Other landmark announcements from Siggraph

  • Nvidia releases NeuroAngelo, a hybrid NERF/photogrammetry pipeline: One of the areas NeRFs typically struggle in is in surface reconstruction — something that photogrammetry excelled in. NVIDIA’s new paper NeuroAngelo combines aspects of photogrammetry with the advantages of NeRFs so you get the best of both worlds with RGB-D video capture. More on that paper here. The code for Neuroangelo was just released over the weekend, you can find that here.
  • Generative AI takes over Siggraph: Siggraph’s popular realtime live presentation was chock full of promising new workflows, including AI based material generation, motion capture physics, with companies like Roblox investing in generative AI techniques to enable creators to build interactive objects and scenes without complex modeling or coding. It would be herculean feat to summarize all of this into one bullet point but I’ll do you one better: a full list of the abstract for all the talks at Siggraph can be found here. If you want the Two Minute Paper recap of these announcements, that can be found here.

Hello, Shutterstock.

Shutterstock made a few big splashes last week at Siggraph with a couple of announcements relevant to our audience here:

  • First, NeRF on Shutterstock: Luma Labs AI and RECON Labs’ 3Dpresso are exploring development and 3D asset publishing on Shutterstock’s Turbosquid platform. Built using advanced machine learning and computer vision, 3D creators can now produce high-resolution, photorealitic 3D scenes from 2D video in minutes instead of hours. (🔗)
  • Second, Shutterstock launches text-to-360 video capabilities: Using NVIDIA’s Picasso cloud platform, Shutterstock announced the ability for creators to create and customize 3D backgrounds. This will help artists enhance and light 3D scenes based on simple text or image prompts, all with AI models built using fully licensed, rights-reserved data. This is meant to help aritsts speed up the process of creating environment maps which then will allow them to focus more of their time on the hero 3D assets - arguably the most important part of an artist’s 3D scene. More details here.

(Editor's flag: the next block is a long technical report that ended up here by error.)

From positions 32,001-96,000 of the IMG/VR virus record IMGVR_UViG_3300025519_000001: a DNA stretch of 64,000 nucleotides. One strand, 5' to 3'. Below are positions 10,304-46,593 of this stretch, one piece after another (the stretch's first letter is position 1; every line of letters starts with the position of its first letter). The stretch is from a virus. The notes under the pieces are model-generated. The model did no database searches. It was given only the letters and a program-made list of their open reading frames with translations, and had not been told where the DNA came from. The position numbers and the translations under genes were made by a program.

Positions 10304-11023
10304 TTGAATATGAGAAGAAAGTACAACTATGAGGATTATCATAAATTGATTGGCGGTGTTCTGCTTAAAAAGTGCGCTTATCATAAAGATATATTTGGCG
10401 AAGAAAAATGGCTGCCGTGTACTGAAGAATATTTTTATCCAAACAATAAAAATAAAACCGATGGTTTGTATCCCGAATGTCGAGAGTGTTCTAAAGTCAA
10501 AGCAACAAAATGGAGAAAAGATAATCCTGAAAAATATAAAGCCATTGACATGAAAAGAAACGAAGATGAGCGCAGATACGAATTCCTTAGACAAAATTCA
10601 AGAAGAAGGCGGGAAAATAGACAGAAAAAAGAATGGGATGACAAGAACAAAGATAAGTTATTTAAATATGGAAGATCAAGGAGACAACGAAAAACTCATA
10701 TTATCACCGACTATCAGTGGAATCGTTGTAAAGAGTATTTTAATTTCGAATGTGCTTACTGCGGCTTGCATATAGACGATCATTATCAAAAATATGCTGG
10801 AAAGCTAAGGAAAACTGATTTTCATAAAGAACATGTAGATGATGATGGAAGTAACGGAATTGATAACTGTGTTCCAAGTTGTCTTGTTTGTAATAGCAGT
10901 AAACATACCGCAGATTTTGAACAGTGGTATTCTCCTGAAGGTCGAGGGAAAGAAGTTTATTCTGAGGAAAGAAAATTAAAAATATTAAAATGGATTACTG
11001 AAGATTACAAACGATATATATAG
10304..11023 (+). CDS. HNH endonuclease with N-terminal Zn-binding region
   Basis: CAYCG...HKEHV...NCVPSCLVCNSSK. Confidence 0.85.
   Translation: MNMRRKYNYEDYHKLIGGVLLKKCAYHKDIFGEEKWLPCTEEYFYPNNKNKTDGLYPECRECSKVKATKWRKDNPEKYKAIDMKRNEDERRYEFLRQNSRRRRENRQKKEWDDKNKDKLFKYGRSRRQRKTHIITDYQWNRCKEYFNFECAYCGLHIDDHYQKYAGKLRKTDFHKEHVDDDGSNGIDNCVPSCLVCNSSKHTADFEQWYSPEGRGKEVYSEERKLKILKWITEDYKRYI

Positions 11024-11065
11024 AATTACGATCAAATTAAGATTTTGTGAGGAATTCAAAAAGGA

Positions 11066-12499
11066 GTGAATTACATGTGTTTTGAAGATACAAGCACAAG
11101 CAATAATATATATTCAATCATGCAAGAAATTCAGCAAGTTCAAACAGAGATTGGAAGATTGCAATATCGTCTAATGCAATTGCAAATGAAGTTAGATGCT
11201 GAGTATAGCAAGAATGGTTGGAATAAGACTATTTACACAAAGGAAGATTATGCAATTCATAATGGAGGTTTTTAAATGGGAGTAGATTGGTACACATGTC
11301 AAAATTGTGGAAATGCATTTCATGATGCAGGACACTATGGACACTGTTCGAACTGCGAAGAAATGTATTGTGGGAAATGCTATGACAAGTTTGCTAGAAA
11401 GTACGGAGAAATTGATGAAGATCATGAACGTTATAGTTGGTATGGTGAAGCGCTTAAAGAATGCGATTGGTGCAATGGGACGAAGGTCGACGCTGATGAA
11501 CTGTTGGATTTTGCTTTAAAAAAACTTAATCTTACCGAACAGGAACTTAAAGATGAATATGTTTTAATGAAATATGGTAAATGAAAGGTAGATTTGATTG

Credit: NVIDIA 

I could keep adding to this list but at this point, I’ll always feel like I’m scratching the surface of a seminal year at Siggraph (especially for NVIDIA if you can’t already tell). In case you missed it, I'll leave a link to NVIDIA founder and CEO Jensen Huang's keynote below.

One. more. thing. Just as I was closing out the edits on this week's newsletter, our friends at Luma announced Flythroughs - a brand new app that allows anyone with an iPhone to capture fly through cinematic walkthrough of interior (and exterior) spaces without the need for a gimbal or drone. I'm  forever impressed by the speed and quality of releases by the team at Luma and I, for one, can't wait to give this one a go. You can download Flythroughs on the app store now.

I am personally really stoked about how quickly (and honestly a little overwhelmed sometimes) by the pace at which we're advancing with some of these new releases and I'm sure I'll have even more to share with you in two weeks time. We’re at the cusp of some of our very own announcements as well so if you’re not already signed up on to receive this newsletter via email, there is no time like the present. Until next week :-) 

To the future, as always!